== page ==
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  1. #1


    Hi. I live in Boston and me and some of my friends are going to be going on a road trip this summer. It is basically going to be california and back. I am a bit worried about states like the Dakotas, Montanna, Wyoming, Texas and all those other states with a larger cow population then people. We agreed that we dont want to go off any main highways and we dont want to get stranded in the middle of nowhere. I am kind of worried about going through texas the most. The tearrain will be flat and it will be in the summer. What can we expect for places that will have no stores, hotes, cell signals, etc... The whole stranded in the middle of nowhere thing really worries me

  2. #2

    Default Plan ahead

    1. Carry a cell phone. Think about converting your plan to cover long distance and free roaming before you go -- this is usually possible and CHEAPER by far than paying long distance and roaming charges for even just a few calls during the trip.

    2. A CB Radio is recommended.

    3. Use a vehicle that is in good condition, and have it checked before you leave by a good mechanic. TELL him (or her) why you are having the car checked, so he knows what to look for.

    4. Don't overstress. Literally THOUSANDS of people drive this country's highways each day. You will not be alone. You can find stretches of road that are fairly lonely if you try real hard, but these are the exception, not the rule.

    5. Carry an emergency kit. You can find info on this site about what you need to put in such a kit.

  3. #3

    Default Yeah

    ^ Exactly what he said. Any form of communication will be invaluable if you happen to get stuck. I might also suggest a GPS if you're worried, that way you'll alway know where you are and how close you are to major highways and towns. Don't rely on any form of electronics or anything else to get you out of a jam, just think of it as a emergency backup in case something goes wrong.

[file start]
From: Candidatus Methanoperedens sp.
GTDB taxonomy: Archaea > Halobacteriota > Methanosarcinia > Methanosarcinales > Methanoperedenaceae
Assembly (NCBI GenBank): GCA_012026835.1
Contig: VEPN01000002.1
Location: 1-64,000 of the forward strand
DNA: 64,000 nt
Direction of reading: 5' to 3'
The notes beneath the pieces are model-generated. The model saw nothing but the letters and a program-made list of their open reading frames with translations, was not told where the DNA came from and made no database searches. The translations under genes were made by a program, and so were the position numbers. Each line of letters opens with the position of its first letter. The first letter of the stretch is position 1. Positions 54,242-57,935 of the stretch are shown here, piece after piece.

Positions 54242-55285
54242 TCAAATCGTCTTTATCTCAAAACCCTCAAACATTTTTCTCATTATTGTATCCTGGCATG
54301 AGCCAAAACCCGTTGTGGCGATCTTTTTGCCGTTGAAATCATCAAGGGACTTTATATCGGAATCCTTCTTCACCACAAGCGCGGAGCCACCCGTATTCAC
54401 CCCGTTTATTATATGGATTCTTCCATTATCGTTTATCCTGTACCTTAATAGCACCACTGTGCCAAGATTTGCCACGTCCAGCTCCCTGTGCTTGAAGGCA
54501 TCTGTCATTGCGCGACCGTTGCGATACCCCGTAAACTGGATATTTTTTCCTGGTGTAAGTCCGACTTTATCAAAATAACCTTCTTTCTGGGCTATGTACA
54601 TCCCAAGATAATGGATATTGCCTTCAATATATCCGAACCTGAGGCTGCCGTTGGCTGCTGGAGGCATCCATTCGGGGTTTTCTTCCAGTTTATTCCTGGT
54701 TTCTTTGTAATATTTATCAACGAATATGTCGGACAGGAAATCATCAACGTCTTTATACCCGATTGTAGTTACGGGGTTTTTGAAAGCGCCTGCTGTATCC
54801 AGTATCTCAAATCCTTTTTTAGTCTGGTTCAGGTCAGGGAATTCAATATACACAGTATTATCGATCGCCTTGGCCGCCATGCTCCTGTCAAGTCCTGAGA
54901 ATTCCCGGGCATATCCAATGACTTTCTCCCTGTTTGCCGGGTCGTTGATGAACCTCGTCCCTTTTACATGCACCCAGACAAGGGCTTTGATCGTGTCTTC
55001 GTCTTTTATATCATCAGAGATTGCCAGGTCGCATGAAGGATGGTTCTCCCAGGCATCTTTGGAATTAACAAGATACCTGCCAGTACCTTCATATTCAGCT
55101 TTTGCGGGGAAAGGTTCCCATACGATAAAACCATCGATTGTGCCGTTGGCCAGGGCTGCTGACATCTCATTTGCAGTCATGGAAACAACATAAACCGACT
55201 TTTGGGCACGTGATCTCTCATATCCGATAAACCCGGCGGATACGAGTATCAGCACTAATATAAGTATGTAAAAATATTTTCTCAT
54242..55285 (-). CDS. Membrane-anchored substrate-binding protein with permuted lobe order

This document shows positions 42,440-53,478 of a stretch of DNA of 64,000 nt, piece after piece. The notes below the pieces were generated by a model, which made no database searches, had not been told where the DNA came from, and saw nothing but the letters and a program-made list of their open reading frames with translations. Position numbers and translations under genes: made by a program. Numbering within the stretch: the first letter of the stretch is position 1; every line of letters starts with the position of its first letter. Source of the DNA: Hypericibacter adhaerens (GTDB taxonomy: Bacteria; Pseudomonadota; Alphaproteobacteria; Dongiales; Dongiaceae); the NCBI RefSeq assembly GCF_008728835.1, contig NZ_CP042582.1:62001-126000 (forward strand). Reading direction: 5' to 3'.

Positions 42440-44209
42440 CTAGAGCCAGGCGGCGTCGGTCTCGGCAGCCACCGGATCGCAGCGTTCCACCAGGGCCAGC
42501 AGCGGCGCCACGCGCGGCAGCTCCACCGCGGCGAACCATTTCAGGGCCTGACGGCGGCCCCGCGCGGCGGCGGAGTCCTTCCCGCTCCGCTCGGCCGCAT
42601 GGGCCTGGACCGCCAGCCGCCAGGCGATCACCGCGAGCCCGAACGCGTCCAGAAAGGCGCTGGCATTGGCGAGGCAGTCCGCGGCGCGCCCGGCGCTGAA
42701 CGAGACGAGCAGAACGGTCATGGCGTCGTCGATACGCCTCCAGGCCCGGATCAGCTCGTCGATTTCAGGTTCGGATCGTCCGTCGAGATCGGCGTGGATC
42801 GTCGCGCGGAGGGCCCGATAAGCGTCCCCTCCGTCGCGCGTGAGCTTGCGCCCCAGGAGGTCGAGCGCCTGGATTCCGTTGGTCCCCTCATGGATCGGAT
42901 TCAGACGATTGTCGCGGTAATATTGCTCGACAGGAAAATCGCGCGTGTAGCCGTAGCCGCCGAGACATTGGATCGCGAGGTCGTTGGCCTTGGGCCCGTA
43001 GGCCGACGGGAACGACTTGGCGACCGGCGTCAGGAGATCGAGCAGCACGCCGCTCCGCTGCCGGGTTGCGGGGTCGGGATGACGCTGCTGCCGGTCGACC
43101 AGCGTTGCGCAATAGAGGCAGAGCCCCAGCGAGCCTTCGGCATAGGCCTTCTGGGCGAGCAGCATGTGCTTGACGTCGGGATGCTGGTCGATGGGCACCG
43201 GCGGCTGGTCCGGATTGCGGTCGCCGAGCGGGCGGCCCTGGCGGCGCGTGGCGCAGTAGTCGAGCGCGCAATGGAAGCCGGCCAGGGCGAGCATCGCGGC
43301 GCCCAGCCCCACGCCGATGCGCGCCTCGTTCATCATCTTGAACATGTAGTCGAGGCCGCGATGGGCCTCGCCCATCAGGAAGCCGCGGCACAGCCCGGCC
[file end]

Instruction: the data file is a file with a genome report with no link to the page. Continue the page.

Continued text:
But I wouldn't stress about it. I would say not THOUSANDS, but MILLIONS of people drive the country's highways everyday, so the chances of you going somewhere where they're absolutely no help around is going to be slim, especially if you stay on main highways. Some crazy people (like myself) actively search for desolate places, trust me, it's getting harder and harder to find. Just think, why would the government spend millions of dollars to build a nice paved road, just so one or two people can drive on it? Besides, getting lost is half the fun, as long as you're prepared. First thing to bring, plenty of water

  4. #4

    Default Roads

    Compared to Boston, almost anything West of 495 could be considered desolate (or is that, in Boston, anything West of 495 is not considered???). Heh...

    One thing you'll have to worry about is how nice the people are in areas with less population. I remember the Nebraska 'index finger wave', the Dakota smiles, and even the Shamrock, TX 4 a.m. emergency room doctor-comedian (okay, so at the time it wasn't that funny). The pace in these areas is slower, so try not to get frustrated. The people are far removed from the Megalopolis mentality, and it's mighty refreshing. Out there, you can tell the difference between the cattle and the people (only the cattle are the ones being herded).